By setting up an automated pipeline to fetch enrollment data from your EDC, you can keep your spreadsheet projection model always up to date with the latest site performance.

How Innovative Biotech Companies Simulate and Forecast Trial Timelines

Many innovative biotech companies are working with Miracle, where we provide our suite of integrations to clinical trial platforms to set up a data sync and get everything up and running in just a few days. For example, Miracle makes it easy to integrate with a wide variety of EDC systems from across the industry, including Medidata Rave EDC.

Thanks to our robust integrations, we’re able to provide an automated, interactive enrollment projections tool that overcomes the shortcomings of spreadsheet-based models. Because Miracle is able to track the performance of each site over time, we can visualize percentile ranks of randomization rates as confidence intervals for future projected enrollment.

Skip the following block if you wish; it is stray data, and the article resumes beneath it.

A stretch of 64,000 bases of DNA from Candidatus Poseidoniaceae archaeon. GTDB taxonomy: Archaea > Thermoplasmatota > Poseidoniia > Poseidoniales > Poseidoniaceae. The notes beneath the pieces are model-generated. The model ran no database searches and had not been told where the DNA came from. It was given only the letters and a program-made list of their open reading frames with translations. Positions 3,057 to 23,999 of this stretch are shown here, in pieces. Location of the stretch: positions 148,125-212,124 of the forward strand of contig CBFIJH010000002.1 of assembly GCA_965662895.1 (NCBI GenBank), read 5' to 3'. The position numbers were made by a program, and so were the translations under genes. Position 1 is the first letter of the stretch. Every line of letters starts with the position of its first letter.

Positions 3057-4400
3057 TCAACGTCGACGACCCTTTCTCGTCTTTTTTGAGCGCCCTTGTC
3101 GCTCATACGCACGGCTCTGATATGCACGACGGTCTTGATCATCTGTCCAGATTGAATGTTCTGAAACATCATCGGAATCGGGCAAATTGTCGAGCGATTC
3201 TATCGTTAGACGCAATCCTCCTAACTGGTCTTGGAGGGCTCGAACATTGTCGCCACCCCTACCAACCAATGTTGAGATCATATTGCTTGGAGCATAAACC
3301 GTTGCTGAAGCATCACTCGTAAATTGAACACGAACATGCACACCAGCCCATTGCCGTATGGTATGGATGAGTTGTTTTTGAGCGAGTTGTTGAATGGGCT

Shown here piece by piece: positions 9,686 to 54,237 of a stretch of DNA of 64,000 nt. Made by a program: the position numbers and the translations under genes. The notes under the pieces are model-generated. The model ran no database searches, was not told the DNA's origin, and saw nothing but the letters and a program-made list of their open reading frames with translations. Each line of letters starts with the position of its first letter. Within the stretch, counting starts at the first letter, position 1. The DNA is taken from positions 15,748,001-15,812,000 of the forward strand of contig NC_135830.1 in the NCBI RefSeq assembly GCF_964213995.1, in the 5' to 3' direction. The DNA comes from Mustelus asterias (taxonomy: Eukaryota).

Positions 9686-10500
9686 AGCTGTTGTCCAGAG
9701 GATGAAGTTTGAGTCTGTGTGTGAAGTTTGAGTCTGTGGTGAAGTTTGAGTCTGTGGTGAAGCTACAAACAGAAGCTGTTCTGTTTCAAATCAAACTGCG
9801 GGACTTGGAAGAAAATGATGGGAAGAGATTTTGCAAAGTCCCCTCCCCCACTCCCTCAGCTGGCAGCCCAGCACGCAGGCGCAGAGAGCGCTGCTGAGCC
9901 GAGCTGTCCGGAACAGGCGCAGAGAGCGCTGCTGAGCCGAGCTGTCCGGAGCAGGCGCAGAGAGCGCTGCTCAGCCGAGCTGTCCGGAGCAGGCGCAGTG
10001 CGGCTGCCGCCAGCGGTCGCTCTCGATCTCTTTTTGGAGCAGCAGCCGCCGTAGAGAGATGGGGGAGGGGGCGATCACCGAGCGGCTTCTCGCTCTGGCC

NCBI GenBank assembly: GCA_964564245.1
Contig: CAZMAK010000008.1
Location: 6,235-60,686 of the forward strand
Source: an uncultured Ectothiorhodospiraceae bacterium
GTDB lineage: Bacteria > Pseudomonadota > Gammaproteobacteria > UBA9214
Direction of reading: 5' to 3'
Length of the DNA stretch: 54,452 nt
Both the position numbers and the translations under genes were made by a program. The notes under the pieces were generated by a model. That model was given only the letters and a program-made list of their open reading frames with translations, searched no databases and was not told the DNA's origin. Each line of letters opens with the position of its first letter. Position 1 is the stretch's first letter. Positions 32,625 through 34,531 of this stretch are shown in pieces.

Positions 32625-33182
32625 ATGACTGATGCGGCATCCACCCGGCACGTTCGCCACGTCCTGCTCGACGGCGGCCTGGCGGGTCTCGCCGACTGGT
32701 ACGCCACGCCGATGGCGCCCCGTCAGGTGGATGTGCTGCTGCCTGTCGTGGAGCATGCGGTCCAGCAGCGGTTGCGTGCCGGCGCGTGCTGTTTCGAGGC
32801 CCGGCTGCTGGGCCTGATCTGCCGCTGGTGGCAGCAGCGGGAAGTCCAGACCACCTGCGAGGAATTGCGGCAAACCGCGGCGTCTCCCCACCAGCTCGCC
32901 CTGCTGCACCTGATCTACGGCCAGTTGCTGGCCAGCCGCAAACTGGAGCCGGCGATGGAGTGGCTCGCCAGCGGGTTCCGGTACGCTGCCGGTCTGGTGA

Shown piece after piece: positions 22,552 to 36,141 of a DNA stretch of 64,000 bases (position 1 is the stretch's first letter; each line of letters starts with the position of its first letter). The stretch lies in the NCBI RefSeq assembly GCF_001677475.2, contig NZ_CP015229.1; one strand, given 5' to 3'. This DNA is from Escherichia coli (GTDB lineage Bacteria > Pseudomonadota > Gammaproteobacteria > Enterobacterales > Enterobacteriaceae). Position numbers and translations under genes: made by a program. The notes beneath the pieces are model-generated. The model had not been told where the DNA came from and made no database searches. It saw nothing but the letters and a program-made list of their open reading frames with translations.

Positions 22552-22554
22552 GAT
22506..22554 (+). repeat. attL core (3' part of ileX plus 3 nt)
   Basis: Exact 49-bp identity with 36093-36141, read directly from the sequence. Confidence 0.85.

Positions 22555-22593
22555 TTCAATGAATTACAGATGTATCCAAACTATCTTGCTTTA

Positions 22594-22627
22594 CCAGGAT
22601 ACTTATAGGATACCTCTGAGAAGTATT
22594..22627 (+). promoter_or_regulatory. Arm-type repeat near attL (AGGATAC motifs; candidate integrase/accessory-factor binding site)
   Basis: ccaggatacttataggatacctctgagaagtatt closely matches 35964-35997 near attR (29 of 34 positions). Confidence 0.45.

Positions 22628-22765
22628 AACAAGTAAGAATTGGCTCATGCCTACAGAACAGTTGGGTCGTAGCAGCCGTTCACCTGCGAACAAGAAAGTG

An example of an enrollment forecast dashboard on Miracle that automatically syncs data from your EDC.

Users can simulate what would happen if they closed certain sites, got rid of sites with 0 randomizations, or added new sites. For instance, this is what the projection would look like if we were to add 20 new sites at 0.5 randomizations per month.

You can simulate how adding 20 new sites at 0.5 randomizations per month would impact your enrollment projection.

They’re also able to see the impact on recruitment if it takes their research sites a few months to activate before they’re able to contribute meaningful enrollment numbers. If we change the “Number of Months to Activate Site” parameter to “5 months”, notice the kink in the line graphs kicking in at the 5-month mark.

You can simulate how a 5-month ramp-up for new sites to activate could impact your enrollment projection.